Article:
Note: This message is displayed if (1) your browser is not standards-compliant or (2) you have you disabled CSS. Read our Policies for more information.
The interest to prepare a watershed management plan (WMP) for the Upper Wabash River Basin watershed stems from the numerous known water quality problems and the fact that these watersheds are typical of the water quality problems facing many other rural watersheds throughout the State where agriculture is the primary activity. The combined drainage area for the project area is 161,080 acres and drains land in southern Adams County including discharges south of the City of Berne, northern and eastern Jay County, and southeastern Wells County. A small portion of the City of Berne (population 4,150) at its southern edge is included in the study area. Other smaller towns include Bryant (population 272), Geneva (population 1,368), and Vera Cruz (population 55). The total population of all of the towns and the City is approx. 5,800.
The land use in the city and surrounding towns is predominantly impervious (roads, parking lots, roof tops, etc.) which results in the discharge of untreated stormwater directly into various ditches that flow into the Wabash River Basin. The City of Berne’s sewage treatment plant has an outlet to the Wabash River near Covered Bridge Road. This is an outlet for waters that have been processed by the series of lagoons utilized for wastewater treatment. While the Town of Monroe is geographically located out of the watershed, the combined sanitary and storm sewer flows to the City of Berne. The Town of Geneva and the Town of Vera Cruz are also located close to the Wabash River and may discharge untreated stormwater directly into the river.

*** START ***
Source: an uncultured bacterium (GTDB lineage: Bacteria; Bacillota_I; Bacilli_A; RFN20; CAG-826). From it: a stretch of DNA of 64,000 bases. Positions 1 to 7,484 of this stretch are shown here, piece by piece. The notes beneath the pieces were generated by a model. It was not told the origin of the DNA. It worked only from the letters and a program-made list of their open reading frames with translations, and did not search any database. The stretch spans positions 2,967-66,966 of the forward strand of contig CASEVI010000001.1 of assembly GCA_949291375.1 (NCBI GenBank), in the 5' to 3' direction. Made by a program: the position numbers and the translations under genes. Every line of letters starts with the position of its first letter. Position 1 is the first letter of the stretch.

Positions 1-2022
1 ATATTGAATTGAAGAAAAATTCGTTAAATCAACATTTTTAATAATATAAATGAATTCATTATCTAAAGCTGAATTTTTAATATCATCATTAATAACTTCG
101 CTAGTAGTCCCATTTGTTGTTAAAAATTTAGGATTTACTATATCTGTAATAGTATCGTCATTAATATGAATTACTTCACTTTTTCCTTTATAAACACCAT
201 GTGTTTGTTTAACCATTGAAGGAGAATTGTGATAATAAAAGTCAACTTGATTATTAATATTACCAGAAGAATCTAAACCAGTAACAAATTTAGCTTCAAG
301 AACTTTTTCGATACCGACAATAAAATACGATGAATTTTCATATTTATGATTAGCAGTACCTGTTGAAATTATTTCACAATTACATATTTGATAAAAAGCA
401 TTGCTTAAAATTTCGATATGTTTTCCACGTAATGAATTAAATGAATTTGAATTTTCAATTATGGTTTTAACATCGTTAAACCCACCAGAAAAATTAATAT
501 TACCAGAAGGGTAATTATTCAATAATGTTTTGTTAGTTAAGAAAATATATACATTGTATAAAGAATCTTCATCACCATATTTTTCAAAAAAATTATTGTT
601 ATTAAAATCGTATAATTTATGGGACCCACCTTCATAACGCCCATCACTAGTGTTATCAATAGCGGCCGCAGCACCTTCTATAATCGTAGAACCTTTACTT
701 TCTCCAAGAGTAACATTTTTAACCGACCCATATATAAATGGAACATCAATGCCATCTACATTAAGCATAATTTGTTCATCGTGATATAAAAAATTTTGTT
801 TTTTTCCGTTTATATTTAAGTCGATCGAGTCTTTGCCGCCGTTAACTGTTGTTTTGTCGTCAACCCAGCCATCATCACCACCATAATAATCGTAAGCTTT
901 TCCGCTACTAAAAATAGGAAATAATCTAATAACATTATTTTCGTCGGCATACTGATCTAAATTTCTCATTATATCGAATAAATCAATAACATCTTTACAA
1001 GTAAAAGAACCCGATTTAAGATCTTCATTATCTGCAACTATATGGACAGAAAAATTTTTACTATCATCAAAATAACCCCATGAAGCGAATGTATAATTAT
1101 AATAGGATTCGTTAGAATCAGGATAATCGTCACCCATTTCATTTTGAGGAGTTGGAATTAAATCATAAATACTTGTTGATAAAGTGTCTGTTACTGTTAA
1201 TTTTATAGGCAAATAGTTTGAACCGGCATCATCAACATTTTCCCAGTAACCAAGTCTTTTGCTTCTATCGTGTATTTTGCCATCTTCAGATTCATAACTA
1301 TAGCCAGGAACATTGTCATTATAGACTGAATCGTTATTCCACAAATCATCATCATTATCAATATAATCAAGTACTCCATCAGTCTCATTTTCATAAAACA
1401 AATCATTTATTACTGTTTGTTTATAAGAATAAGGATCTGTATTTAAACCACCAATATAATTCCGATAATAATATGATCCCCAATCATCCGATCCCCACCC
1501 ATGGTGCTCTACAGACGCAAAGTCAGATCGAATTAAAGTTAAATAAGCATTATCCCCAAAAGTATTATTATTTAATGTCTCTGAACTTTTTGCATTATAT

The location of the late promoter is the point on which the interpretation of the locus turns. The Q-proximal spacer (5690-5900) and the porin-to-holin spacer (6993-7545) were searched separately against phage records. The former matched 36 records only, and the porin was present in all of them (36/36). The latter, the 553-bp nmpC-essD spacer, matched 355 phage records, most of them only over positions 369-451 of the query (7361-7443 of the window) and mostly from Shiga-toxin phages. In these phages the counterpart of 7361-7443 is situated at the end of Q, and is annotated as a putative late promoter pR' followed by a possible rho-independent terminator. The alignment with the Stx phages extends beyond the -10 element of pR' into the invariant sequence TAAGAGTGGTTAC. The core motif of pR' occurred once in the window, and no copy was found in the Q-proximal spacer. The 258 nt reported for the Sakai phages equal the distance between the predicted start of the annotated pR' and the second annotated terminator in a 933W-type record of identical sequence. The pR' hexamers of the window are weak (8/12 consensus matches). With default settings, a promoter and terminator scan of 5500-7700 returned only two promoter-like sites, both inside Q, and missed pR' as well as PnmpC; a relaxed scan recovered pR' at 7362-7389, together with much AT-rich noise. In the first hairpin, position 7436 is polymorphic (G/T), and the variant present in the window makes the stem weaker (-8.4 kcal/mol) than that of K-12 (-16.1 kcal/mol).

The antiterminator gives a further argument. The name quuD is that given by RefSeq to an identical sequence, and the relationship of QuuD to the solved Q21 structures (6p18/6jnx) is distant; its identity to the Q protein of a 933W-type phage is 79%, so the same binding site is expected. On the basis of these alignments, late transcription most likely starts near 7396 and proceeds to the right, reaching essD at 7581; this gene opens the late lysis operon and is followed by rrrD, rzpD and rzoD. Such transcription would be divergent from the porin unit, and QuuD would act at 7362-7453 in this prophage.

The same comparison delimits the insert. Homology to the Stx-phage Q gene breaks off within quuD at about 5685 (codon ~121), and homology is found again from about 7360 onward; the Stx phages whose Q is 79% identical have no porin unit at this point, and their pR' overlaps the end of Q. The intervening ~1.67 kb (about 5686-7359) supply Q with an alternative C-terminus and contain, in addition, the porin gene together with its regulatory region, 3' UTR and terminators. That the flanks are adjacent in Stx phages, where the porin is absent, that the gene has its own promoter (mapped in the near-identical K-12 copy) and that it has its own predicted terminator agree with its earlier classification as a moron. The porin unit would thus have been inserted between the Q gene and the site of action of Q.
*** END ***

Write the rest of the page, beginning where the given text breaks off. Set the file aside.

Approximately 92% of the Upper Wabash River Basin watershed remain in agriculture use including livestock and crop production. The National Water Quality Inventory (NWQI), reports that agriculture nonpoint source pollution is the leading source of water quality impairments to surveyed rivers and lakes. Nutrients, pesticides, and sediment can migrate from agricultural lands to surface waters via runoff, sub-surface tile systems, and erosion.
The Upper Wabash River Basin WMP presents the overall watershed analysis and inventory conducted by Christopher B. Burke Engineering, Ltd. (CBBEL), the project Steering Committee, and the public, and offers recommendations for water quality improvement, preservation, and protection. This WMP meets the requirements of the IDEM’s Watershed Management Plan Checklist.